Sermons That Work

Jesus Was Born Into a Troubled Time…, Epiphany 2 (A) – 1996

January 14, 1996

Jesus was born into a troubled time, in a troubled place. The land of Israel, with all its proud history, was a subject nation, property of the Roman Empire. Rome’s only real interest in this holy land — which the elegant and eminent Romans considered a benighted backwater — was how much tax could be soaked out of the place. The people struggled just to keep body and soul together, to keep on going, to make some sort of life in the face of such neglect and adversity. Few had the luxury of time or the freedom from anxiety to ask the deeper questions: about the meaning of their lives, about the meaning of their proud history in the face of their debased state, about God the Almighty. Mostly they toiled, and when they wondered, wondered if perhaps they had somehow lost the favor of God.

But there were, among them, seekers in those days — as there are in every age. The seekers — the ones who pondered, and wondered, and thought of the meaning of life and the nature of God — kept alive the ember of hope embedded in the heart of the people from the days of Moses and Abraham, through the exile and return, through the days of waiting for the new thing to happen, for the Messiah to come.

From time to time, preachers arose among the people, to stir up the dying embers of this hope, to fan the flame of promise. John the Baptist, preaching in the wilderness, was such a prophet of hope. He insisted that the Promised One would come, indeed was among them now — the one who was to restore the glory of Israel. He called those gathered at the Jordan to repent and return to the way of righteousness.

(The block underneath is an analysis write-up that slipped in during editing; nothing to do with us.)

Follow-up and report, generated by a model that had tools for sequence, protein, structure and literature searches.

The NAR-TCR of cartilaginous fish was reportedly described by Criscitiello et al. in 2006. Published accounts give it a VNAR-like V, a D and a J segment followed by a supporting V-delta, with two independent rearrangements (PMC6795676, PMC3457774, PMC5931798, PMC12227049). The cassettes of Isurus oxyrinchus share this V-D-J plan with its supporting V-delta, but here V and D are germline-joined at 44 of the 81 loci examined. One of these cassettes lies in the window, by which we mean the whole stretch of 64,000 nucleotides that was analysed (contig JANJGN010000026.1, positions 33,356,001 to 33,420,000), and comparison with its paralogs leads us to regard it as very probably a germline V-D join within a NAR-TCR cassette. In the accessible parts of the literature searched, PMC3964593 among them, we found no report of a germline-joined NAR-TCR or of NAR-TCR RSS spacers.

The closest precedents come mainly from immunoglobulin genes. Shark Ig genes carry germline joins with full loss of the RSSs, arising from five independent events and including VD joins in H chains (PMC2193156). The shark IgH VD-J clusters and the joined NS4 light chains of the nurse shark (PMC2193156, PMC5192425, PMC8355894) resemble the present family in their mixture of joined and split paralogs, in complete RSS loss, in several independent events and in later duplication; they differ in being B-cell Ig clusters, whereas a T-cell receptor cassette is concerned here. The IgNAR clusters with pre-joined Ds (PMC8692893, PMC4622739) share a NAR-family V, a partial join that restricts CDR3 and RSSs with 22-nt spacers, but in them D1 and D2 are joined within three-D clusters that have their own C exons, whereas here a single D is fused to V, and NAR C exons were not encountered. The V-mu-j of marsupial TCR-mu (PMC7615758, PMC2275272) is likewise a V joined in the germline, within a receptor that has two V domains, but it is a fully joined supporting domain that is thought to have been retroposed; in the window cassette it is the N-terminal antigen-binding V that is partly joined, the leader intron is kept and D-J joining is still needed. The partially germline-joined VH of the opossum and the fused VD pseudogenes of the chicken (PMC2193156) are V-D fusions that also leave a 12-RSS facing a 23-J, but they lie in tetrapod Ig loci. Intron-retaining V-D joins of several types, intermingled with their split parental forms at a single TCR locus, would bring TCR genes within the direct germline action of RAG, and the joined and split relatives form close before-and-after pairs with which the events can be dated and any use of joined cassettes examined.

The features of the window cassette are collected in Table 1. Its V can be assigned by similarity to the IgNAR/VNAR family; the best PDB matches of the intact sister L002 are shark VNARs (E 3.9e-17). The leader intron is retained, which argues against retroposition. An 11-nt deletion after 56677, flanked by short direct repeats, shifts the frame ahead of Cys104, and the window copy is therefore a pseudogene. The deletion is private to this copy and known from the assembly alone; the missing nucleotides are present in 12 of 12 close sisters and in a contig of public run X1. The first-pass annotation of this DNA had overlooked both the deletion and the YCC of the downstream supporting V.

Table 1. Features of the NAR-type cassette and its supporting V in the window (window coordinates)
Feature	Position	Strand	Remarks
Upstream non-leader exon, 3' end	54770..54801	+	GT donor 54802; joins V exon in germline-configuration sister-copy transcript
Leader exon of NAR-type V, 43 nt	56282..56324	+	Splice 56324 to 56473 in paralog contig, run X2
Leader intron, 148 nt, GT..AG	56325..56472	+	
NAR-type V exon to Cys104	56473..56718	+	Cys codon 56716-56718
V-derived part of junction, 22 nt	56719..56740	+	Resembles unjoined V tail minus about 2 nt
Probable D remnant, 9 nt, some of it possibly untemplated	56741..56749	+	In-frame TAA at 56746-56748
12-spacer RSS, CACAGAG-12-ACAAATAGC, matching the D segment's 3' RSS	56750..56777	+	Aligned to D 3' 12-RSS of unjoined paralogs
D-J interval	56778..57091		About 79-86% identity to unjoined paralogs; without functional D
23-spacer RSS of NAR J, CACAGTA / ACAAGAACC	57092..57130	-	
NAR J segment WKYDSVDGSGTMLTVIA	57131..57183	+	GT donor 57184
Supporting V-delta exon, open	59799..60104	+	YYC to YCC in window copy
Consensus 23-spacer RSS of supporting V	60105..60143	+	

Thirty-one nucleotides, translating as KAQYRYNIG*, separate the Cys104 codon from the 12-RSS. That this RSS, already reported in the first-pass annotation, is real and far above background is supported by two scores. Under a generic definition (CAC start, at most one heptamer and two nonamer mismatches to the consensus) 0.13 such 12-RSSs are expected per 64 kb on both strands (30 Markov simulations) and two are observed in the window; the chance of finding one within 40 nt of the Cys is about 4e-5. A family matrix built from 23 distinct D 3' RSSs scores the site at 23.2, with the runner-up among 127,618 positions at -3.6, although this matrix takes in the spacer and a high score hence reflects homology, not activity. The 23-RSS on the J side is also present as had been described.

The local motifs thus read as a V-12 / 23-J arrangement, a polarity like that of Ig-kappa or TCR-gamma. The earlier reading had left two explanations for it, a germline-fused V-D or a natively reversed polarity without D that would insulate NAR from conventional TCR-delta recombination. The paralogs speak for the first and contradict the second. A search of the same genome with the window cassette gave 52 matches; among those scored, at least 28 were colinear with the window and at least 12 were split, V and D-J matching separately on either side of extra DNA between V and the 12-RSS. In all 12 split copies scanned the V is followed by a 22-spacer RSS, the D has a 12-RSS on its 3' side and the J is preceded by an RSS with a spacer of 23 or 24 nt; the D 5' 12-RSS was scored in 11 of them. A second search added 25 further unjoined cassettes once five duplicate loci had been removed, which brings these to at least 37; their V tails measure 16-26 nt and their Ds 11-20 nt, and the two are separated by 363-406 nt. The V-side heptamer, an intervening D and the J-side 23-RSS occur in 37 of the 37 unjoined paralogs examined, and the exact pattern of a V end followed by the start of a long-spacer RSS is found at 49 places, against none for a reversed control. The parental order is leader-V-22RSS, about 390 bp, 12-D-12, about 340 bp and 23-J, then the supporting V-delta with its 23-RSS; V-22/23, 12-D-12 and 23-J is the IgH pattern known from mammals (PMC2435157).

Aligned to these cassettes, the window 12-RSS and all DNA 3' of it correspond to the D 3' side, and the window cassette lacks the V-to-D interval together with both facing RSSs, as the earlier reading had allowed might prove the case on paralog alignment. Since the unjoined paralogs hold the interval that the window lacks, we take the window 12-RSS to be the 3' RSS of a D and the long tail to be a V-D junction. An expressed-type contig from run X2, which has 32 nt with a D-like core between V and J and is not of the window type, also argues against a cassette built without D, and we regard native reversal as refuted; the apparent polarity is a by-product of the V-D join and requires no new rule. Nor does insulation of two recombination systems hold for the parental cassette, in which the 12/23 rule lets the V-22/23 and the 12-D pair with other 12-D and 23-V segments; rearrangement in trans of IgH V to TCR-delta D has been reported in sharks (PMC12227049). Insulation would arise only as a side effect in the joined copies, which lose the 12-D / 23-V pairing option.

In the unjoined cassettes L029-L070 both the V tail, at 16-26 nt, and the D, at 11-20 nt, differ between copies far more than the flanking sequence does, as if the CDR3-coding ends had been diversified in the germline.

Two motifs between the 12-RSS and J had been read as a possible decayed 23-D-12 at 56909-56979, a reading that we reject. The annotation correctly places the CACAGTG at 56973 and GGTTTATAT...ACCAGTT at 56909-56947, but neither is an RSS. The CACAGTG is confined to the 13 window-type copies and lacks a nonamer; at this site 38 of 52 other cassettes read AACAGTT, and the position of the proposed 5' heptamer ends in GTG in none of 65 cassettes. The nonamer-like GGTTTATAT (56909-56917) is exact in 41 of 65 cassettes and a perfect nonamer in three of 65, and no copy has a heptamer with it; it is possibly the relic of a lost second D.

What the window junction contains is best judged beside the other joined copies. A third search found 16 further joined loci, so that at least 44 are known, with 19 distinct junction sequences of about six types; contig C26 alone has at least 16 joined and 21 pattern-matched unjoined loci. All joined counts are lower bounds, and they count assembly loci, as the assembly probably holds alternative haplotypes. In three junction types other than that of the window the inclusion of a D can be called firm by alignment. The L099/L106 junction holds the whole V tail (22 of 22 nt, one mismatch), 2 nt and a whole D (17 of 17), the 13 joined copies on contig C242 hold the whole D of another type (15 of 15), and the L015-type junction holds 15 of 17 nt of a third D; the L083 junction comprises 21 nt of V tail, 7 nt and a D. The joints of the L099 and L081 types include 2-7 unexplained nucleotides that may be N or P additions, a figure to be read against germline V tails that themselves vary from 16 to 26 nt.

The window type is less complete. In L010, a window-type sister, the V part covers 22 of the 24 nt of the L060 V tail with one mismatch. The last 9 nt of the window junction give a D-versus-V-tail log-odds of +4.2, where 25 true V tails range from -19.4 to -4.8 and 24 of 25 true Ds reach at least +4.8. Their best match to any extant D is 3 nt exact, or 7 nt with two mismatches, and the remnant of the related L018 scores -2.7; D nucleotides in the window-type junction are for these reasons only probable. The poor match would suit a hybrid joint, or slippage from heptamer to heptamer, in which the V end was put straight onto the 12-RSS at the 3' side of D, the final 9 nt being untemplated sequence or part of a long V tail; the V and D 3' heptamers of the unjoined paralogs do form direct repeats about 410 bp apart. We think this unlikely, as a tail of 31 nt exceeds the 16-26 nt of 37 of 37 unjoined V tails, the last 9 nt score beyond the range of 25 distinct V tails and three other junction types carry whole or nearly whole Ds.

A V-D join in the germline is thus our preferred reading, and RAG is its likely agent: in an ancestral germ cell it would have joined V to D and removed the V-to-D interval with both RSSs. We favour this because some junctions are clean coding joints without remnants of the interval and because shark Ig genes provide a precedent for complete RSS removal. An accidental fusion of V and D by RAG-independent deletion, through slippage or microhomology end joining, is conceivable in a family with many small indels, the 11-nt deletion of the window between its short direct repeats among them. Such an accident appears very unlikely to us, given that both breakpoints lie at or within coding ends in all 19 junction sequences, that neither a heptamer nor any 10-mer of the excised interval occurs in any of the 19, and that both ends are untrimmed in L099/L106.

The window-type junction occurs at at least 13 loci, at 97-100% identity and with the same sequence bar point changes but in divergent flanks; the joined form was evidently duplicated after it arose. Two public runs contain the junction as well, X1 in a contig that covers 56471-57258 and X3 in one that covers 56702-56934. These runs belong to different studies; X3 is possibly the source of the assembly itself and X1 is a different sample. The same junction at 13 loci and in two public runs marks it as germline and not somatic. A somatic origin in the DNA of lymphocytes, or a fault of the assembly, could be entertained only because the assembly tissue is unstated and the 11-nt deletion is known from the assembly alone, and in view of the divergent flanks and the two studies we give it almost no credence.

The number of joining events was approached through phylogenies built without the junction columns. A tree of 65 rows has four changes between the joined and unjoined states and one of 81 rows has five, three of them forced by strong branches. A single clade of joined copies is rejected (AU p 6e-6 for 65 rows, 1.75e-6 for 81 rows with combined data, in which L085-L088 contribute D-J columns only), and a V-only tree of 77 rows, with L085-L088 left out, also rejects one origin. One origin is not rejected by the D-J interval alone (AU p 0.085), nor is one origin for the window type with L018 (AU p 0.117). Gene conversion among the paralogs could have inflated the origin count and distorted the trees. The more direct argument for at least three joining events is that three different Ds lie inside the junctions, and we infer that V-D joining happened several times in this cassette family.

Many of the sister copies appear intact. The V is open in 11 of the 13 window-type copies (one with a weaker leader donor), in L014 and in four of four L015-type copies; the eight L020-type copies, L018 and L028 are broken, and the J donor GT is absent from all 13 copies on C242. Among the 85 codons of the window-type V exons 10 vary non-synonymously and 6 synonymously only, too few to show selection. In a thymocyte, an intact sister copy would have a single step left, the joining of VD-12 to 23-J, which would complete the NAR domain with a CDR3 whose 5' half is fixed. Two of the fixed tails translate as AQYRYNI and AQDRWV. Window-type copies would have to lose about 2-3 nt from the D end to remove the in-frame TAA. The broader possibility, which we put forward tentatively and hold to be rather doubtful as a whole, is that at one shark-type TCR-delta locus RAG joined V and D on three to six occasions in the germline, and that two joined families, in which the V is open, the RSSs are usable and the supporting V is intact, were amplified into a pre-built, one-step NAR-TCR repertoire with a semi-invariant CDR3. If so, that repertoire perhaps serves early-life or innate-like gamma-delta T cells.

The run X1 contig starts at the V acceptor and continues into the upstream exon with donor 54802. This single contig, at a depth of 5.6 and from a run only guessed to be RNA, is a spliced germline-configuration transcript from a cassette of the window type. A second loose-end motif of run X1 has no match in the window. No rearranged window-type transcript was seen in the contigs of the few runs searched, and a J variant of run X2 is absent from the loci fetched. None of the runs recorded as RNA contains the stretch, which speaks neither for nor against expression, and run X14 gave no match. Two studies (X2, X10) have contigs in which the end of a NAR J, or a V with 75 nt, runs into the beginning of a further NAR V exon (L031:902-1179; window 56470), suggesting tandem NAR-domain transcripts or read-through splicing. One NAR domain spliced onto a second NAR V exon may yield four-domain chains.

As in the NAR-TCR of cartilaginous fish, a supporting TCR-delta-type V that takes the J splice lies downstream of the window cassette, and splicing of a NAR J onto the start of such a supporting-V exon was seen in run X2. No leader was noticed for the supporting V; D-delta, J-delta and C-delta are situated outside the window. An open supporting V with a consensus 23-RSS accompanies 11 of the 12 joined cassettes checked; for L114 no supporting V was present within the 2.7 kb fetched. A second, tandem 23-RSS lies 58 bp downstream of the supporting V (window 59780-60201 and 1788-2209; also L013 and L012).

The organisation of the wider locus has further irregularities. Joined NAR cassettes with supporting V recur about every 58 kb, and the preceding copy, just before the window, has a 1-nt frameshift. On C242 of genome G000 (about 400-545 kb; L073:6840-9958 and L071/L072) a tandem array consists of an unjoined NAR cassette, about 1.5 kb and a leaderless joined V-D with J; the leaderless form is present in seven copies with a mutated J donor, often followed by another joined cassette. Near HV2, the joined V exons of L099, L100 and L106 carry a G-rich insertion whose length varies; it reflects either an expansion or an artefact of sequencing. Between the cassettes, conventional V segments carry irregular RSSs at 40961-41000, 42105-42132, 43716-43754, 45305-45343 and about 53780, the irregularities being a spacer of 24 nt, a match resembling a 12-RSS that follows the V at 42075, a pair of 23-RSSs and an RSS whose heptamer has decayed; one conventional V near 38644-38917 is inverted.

The crowds grew, as others were drawn to him by the preaching — men and women who yearned for the truth to come, for the promised Lord and King, the “anointed one” — for that is what “messiah” means. Andrew and his brother Peter were among those who were seeking, gathered around John the Baptist in his encampment in the Judean wilderness, down along the dusty banks of the River Jordan. The day after Jesus had presented himself to be baptized by John, when John saw and heard the Lord’s sign that Jesus was the promised one, John was with Andrew and another disciple. As Jesus passed by them, John hailed him: “Look, my friends! There he is! The offering God has given to take away the sins of the world!”

I’ve often wondered if that was as startling an announcement to them as it would be to us. Can you imagine standing with your priest or your spiritual director, when she suddenly points to someone passing by and says: “There’s the one that God has sent to save us all!”?

The gospel does not record whether Andrew and the other disciple with him were startled; it merely says that when they heard John, their rabbi, say this, they “followed Jesus.” No, not “followed” him in some deep theological, symbolic, metaphysical sense — at least, not yet. They simply walked away from John and started walking along behind Jesus. Surely they wanted to see what sort of person this was, who had elicited such a comment from their own teacher, John the Baptist.

Jesus, who seems to have noticed most of what went on around him, no matter how subtle or hidden, saw these two following him and stopped to ask them a question: “What are you looking for?” Their answer — if you can call it that — seems odd at first. Instead of answering him with something simple and straightforward like, “We’re looking for the Messiah,” or even just,” We’re wondering who you are,” they parry his question with another question.